This is Faith in Play #59: Ghosts, for October 2022.
At some point I was asking about topics for this series, and someone suggested including the undead, giving a list of several examples in that group. We did a piece about Vampires specifically, but otherwise have left the group untouched. Yet there is one member of the group that stands out for one point: it is the one type of undead creature with the greatest number of people believing it to be real in the real world, and not just a fantasy notion. Sure, there are some people who eye others with suspicion, wondering whether there might be a vampire in their midst, and some who are readying themselves against the zombie apocalypse, but in the main most people relegate the undead to the realms of the imagination–except for ghosts. We have ghost hunters, and stories of haunts and poltergeists around the world. Many people believe in ghosts.
For my part, I am unpersuaded. That is, there are evidences supporting a belief that there is something supernatural or paranormal happening in some places, but I don’t know what it is. It might be, as some suggest, psychic residue from a traumatic event, or as others suggest demons masquerading as people to deceive observers, or simply overactive imaginations stimulated by atmosphere and ambiance. On the other hand, it might be spirits of what we call the departed who have not quite departed.
Yet it is that notion that catches my attention this October: what if ghosts really are the restless spirits of the dead, unable to tear themselves away from this world and move to the next?
But I don’t have to decide that; indeed, that’s outside the purview of this series, which is about our leisure activities. So let me return to that.
I once played in a game in which my character had somehow become sensitive to supernatural realities around him. One evening he saw the faint form of a man pass through a wall where a doorway had once been, turn on a television that was no longer there, and sit across from it in a non-existent chair. He was quite startled when I spoke to him, but he explained that he did this every night, coming downstairs into his living room to watch the news. I didn’t ask him what he was seeing, but apparently he saw the world as it was when he was alive. For some reason he was so attached to his earthly home that he never left it, and it never left him.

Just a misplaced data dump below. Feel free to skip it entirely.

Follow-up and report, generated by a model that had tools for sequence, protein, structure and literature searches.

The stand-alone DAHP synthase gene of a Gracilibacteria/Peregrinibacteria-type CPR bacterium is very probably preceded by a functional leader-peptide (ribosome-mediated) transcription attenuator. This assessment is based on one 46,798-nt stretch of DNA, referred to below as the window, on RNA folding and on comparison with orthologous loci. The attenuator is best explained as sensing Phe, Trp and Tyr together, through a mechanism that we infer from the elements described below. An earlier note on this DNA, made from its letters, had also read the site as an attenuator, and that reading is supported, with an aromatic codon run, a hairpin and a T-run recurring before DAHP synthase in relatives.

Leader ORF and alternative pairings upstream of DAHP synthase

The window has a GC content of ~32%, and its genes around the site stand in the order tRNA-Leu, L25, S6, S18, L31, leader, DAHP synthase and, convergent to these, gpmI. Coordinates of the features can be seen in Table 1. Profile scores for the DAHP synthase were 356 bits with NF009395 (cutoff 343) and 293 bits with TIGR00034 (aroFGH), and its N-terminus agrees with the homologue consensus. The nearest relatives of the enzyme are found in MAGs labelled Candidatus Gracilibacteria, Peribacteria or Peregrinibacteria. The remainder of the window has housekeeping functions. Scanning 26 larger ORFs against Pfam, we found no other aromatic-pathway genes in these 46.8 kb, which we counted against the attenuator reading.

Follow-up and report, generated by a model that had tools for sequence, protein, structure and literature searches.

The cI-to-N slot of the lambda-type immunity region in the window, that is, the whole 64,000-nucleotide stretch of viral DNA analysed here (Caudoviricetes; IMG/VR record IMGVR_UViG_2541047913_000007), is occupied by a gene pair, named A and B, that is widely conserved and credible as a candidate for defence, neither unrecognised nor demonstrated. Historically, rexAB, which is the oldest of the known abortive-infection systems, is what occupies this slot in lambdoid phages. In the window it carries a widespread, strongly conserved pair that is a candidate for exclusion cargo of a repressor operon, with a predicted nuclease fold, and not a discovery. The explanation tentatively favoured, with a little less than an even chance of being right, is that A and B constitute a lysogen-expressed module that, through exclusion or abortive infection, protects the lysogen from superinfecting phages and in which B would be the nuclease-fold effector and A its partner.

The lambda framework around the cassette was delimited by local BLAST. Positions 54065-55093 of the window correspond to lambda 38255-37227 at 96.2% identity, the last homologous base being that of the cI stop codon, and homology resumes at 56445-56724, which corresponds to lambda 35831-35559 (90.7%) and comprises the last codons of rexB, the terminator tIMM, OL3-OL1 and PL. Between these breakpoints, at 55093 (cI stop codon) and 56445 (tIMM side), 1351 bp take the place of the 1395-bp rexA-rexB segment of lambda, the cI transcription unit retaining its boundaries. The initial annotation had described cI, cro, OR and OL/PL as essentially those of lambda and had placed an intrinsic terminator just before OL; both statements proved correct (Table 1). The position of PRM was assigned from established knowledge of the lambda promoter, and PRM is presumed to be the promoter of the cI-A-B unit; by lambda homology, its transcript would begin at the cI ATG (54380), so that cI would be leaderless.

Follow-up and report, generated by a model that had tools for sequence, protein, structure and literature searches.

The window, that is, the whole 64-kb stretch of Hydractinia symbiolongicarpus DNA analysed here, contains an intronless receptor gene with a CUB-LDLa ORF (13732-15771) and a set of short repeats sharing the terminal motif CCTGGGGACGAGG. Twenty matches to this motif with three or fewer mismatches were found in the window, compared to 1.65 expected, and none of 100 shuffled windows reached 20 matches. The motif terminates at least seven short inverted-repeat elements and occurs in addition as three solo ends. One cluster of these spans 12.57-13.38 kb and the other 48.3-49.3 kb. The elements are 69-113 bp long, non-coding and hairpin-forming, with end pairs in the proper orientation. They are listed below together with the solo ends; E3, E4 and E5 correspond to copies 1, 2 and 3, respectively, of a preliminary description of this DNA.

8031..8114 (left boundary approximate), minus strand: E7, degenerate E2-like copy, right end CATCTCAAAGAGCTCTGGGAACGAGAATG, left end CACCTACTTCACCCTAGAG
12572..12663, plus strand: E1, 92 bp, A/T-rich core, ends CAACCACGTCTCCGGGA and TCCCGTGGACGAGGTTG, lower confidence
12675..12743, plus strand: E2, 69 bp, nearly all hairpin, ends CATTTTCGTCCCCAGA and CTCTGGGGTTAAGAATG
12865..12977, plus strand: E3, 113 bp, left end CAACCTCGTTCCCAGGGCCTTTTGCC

There are stories of ghosts who make trouble for living people who come into their homes and make changes. How dare we; how rude. From that perspective, their efforts to evict us make perfect sense–we’re squatters who don’t belong there. Calling Beetlejuice begins to make sense.
There are stories of ghosts who seem to be reliving the last moments leading up to their traumatic deaths, like the railroad conductor who was trying to let the engineer know that the switch was in the wrong position, or the flight engineer trying to alert the cockpit that the landing gear had in fact been engaged, despite the warning light on the dash. There are ghosts who have lived in old castles so long no one knows who they were or why they are there.
Yet they all have this in common: they were living people once, and their presence suggests there is some part of us that survives the deaths of our bodies.
Of course, some will argue that it is appointed to us to die once, and after that is the judgment; but then, sometimes our dying takes years, and it is not promised that our judgment will occur immediately upon the moment we die. Perhaps these ghosts died and are waiting for what comes after that–or trying to avoid it for as long as possible. So perhaps ghosts are proof of what we already know.
And certainly within our games and stories they can be that.